The Canon EOS Rebel T6 (aka the EOS 1300D) hits the basics for a low price, but that's about it.
The Panasonic Lumix FZ300 might not be a huge update from its predecessor, the FZ200, but it's still one of the best in its class and a fantastic option for a single camera for photos and video -- even in the rain.
For a step up in photo quality or performance from a phone or compact, the Canon EOS Rebel T7i/800D remains a fan favorite.
For the money, the Canon EOS Rebel T3i is a great choice for dSLR videographers--though the cheaper T2i can still suffice if you don't need the articulated LCD--and it's a solid choice for creative still shooters. But though the image quality and general shooting performance are top-notch, if you're upgrading to capture sports, kids, or pets, the T3i may not be able to keep up.
It's not the best megazoom around, but the Nikon Coolpix P900's lens is remarkable and if you need the most zoom on a compact camera, it's the winner.
The Sony Alpha DSLR-A330 is a solid entry-level dSLR that will surely have its fans, but unless you really want Live View, its cheaper sibling, the A230, is a better deal.
Despite small annoyances, the Sony Alpha 6000 is a great overall camera for more advanced photographers who want something smaller than a dSLR, especially if they need the continuous- shooting speed.
The 500D is a very capable camera that is ideal for someone entering the world of digital SLRs. The inclusion of high-definition video adds even more appeal to the already good-looking package.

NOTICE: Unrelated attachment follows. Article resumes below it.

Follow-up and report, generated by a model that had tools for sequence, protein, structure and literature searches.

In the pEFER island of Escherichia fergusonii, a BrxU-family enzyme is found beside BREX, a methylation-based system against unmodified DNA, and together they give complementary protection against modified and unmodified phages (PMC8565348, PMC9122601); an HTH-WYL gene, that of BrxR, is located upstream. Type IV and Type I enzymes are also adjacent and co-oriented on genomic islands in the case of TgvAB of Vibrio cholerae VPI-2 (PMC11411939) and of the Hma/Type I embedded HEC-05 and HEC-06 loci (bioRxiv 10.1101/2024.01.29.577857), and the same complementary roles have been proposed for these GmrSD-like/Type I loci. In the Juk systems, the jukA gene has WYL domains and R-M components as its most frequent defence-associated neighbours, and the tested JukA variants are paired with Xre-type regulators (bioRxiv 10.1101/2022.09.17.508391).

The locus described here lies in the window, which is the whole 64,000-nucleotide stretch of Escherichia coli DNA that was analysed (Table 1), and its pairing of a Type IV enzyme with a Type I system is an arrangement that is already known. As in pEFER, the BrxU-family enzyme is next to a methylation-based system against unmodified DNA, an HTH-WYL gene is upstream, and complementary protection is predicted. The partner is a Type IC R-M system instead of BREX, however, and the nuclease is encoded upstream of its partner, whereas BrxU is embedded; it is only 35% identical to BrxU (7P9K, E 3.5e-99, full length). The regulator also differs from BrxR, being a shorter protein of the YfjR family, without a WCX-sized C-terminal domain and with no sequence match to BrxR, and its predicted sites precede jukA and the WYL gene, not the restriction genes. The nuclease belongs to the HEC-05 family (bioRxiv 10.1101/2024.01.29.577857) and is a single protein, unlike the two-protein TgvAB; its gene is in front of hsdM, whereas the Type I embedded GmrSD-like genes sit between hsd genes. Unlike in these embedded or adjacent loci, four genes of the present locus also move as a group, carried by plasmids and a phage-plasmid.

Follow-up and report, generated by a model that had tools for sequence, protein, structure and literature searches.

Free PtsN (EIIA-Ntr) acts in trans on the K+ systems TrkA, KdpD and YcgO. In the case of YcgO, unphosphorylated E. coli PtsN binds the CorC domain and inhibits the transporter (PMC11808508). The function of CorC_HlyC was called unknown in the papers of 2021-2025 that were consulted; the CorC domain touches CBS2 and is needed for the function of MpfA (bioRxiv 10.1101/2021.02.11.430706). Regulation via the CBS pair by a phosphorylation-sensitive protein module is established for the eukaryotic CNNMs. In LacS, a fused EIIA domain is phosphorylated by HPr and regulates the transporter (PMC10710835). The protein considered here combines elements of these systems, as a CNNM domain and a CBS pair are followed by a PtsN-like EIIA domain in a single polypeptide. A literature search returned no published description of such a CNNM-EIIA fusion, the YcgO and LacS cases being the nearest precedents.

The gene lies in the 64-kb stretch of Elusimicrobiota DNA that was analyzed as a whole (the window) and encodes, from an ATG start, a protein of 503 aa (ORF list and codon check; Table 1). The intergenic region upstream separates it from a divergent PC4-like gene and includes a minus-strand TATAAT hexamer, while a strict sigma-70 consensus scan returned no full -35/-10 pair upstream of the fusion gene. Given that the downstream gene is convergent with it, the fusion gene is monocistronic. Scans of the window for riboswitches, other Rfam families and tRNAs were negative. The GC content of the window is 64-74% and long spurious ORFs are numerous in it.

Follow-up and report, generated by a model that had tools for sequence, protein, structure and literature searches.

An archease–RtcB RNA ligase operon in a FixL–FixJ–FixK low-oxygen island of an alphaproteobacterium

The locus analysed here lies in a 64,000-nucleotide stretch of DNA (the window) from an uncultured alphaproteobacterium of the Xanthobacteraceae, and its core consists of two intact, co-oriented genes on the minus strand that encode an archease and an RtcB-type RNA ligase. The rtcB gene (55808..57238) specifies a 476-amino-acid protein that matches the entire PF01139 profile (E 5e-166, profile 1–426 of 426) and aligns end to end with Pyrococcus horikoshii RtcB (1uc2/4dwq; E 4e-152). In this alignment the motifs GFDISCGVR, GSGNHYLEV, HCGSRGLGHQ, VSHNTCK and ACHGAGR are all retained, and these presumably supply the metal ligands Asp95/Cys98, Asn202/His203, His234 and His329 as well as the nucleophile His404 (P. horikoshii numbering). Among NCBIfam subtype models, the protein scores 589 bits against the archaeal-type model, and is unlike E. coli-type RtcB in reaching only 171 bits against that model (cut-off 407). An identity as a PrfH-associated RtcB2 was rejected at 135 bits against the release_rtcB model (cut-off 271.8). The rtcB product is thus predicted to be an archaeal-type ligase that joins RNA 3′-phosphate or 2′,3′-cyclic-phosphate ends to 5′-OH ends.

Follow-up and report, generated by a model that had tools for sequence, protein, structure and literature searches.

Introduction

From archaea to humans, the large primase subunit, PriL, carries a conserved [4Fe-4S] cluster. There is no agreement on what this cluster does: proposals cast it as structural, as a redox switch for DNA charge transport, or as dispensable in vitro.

With excellent photo and video quality and a deep feature set, the Panasonic Lumix DMC-FZ1000 is the perfect mix if you want dSLR-like controls and better than point-and-shoot performance with the convenience of a single fixed lens.
While it's a perfectly fine camera when you're making the jump from a point-and-shoot, there are better choices than the Canon EOS Rebel T5.
While it doesn't stand out in any particular aspect, the Panasonic Lumix LX10/LX15 is a fine camera to consider for everyday photography with advanced controls.
Though it's a perfectly fine entry-level camera, there are better options for the money than the Canon EOS Rebel T3.
More point-and-shoot than dSLR in terms of features and performance than some competing high-end megazooms, the Nikon Coolpix P520 is a very good camera for those after a big zoom range, better control over results, and fine picture quality.
A great mirrorless interchangeable-lens camera for families and travelers, the Panasonic Lumix DMC-G7 is a compelling alternative to similarly priced dSLRs.
The Pansonic ZS100 offers great blend of quality, size and features for people who want better photos and are willing to trade off a little quality for a lot of lens.
It doesn't stand out for its feature set or design, but the Canon EOS Rebel XSi delivers on performance and photo quality.
A fine camera, the Canon EOS Rebel T4i's more expensive 18-135mm STM kit (or body with another STM lens) is the only version that merits an unqualified recommendation. You can probably find better alternatives if you just want a sub-$1,000 dSLR for still photography.
Lightweight and compact with everything the family photographer needs, the Nikon D5500 maintains its position as a great general-purpose dSLR.